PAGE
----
GLENDALE, Ariz. — Everything the Seahawks weren’t last Sunday in a surprising home loss to the New Orleans Saints they were this Sunday in beating the Arizona Cardinals, 27-10.

A week after falling behind 7-0 before most people had even turned on the TV, the Seahawks for once started fast — leading at the end of the first quarter and halftime for the first time this season in building a 20-3 lead at the break.

A week after basically giving the Saints two touchdowns, the Seahawks were efficient — no turnovers for the game and no penalties during a first half in which they took control.

And a week after gaining 515 yards but having little to show for it, they were opportunistic, with a pick-six by defensive end Jadeveon Clowney in the first quarter giving the Seahawks an early cushion they would never relinquish, and then scoring offensively on all four drives that got inside the Arizona 20.


When it was over, coach Pete Carroll said the Seahawks had laid the template for the kind of team they can be this season — and will need to be in order to have the kind of season they want.

“I felt this was really a complete game for us,’’ Carroll said after Seattle improved to 3-1 with its first victory this season by more than two points and that didn’t come down to the final series.


What Carroll liked as much as anything was a 15-play, 75-yard drive that lasted 8:08 in the fourth quarter — Seattle’s longest drive this year in both plays and time — that gave the Seahawks a final touchdown with 2:13 left after Arizona had scored its only touchdown of the day.

“The last drive was an extraordinary statement,’’ Carroll said.

A key play on the drive came when quarterback Russell Wilson evaded pressure on a third-and-two play to toss it to Luke Willson, the popular tight end from 2013-17 who returned last week to replace the traded Nick Vannett.

Willson fought through an illegal contact penalty from Arizona’s Jordan Hicks (which would have given Seattle a first down regardless) to make a diving grab for a 17-yard gain and move the ball to the Arizona 37.

“A phenomenal throw and catch,’’ said Carroll.

Willson, one of four players remaining from the team that won the Super Bowl following the 2013 season, said: “That whole drive, for me personally, I felt like, ‘Man, this feels so familiar.’ ’’

Also familiar?

The kind of game Seattle got from Chris Carson, who lost fumbles in each of the first three games. He rushed for 104 yards on 22 carries — without dropping the ball once.

Carson got 91 of those yards after the first quarter, and after Seattle had used the pass to take a 17-3 lead, the Seahawks — as they so often have during their glory years — used the run to finish off a satisfying victory.


A little unfamiliar, but just as successful, was going with the pass early — Wilson threw it on 12 of Seattle’s first 16 plays. That led to scoring drives of 52 and 75 yards the first two times the Seahawks had the ball, and Seattle had a 17-3 lead.

“We wanted to be able to mix it up,’’ Wilson said of the Seahawks’ early pass-first strategy. Wilson completed 22 of 28 passes for 240 yards with a touchdown and no interceptions.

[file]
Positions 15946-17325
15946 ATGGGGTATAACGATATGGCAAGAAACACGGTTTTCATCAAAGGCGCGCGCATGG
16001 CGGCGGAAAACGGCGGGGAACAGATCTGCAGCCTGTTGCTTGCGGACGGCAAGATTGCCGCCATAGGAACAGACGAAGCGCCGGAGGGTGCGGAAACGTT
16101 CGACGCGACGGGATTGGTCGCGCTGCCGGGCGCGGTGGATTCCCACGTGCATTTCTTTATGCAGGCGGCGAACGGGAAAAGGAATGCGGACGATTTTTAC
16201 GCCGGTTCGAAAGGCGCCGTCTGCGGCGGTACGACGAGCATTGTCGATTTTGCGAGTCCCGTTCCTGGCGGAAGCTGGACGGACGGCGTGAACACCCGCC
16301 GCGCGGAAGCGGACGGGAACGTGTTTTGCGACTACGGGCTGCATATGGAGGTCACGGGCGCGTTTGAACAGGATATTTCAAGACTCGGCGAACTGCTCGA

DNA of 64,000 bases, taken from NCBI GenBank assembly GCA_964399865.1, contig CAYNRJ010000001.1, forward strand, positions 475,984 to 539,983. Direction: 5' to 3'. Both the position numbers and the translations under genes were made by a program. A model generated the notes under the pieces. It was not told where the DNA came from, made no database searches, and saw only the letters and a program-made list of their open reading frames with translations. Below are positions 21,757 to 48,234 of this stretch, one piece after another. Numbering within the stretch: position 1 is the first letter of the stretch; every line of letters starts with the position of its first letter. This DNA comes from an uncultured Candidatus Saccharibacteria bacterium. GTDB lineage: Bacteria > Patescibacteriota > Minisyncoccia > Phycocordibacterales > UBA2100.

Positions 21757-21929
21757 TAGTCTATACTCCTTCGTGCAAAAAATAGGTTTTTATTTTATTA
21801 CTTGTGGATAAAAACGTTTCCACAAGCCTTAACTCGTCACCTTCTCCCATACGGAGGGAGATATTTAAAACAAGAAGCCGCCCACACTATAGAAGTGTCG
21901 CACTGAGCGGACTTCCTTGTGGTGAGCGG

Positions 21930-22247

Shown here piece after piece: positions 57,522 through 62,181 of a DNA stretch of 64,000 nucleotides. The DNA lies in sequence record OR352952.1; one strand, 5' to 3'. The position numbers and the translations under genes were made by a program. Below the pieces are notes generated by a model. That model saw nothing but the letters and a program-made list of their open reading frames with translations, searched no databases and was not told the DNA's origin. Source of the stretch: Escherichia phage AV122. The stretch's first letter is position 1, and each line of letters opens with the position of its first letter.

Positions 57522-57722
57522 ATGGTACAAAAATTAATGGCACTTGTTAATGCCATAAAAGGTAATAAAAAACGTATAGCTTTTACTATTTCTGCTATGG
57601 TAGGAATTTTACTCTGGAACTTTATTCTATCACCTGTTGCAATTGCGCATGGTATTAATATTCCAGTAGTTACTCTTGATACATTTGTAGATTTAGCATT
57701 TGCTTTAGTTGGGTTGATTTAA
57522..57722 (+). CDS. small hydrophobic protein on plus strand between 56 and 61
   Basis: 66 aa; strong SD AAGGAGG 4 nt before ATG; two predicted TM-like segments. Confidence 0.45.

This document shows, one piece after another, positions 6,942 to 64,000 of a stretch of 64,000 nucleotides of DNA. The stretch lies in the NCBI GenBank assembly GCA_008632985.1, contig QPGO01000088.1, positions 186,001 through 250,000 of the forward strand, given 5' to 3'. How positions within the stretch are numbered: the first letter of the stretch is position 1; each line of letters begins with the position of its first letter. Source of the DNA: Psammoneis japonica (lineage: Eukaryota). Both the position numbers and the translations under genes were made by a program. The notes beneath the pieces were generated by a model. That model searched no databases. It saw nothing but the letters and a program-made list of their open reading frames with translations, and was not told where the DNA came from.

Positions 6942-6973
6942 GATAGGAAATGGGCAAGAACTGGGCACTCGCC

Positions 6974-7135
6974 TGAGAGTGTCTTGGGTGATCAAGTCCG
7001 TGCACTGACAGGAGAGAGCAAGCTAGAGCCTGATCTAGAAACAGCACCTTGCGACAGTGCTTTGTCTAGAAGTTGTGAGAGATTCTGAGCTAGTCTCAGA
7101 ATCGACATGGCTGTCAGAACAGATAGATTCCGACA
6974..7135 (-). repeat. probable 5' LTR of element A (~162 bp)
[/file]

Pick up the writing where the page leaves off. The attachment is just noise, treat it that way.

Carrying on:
It added up to an easy victory in a building in which things have rarely gone smoothly for the Seahawks.

A year ago, Seattle won here on a Sebastian Janikowski field goal on the last play in a game most fans remember for Earl Thomas playing his last snap as a Seahawk and then, well, delivering a rather unfavorable gesture toward Carroll.

Also a year ago, tight end Will Dissly suffered a patellar tendon injury that ended his season.

Dissly, who already in this season has announced he is all the way back from that injury, made it even more clear Sunday by catching seven passes for 57 yards, including a 9-yard touchdown pass in the second quarter that put the Seahawks ahead 17-3.

“I love the way he is playing,’’ Carroll said.

He also loved seeing Clowney make the kind of game-changing play the Seahawks envisioned when they made the aggressive move to trade for him a week before the season.


On Arizona’s second possession, Clowney sniffed out a screen pass to David Johnson and reached up with his left hand — and, as he reminded media members later, he’s left-handed — to snare the ball and then control it and race down the sideline for a 27-yard touchdown.

Clowney said the minute he saw Johnson leak outside he figured the ball was going his way.

“I just tried to get my hands up and tip the ball,’’ Clowney said, “and anytime I get my hands on the ball I’m trying to get a turnover.’’

Sandwiched between Arizona’s Zane Gonzalez missing two makeable field goals — the kind of self-inflicted wounds Seattle suffered a week ago but didn’t this game — the play turned the game Seattle’s direction for good.

“It ignited the whole team,’’ said middle linebacker Bobby Wagner, who marveled that Clowney “looked like (he was) 7 feet on that play.’’


The Seahawks made such quick work of the Cardinals they were able to watch the end of the Rams-Tampa Bay game on televisions in the locker room as they did interviews.

When the Bucs sewed up the game on Ndamukong Suh’s fumble return — which assured that the Rams and Seahawks will each be 3-1 when the two play Thursday at CenturyLink Field — the locker room erupted.

And a week after the Seahawks wondered where things were headed, they could suddenly look happily toward a battle with major NFC West implications — a most-familiar feeling, indeed.

“We did a lot of hard work this week just to make sure that we were precise throughout the whole week and come game day,’’ Wilson said of how the team rebounded from the defeat against the Saints. “We took that challenge on and we were ready to roll.’’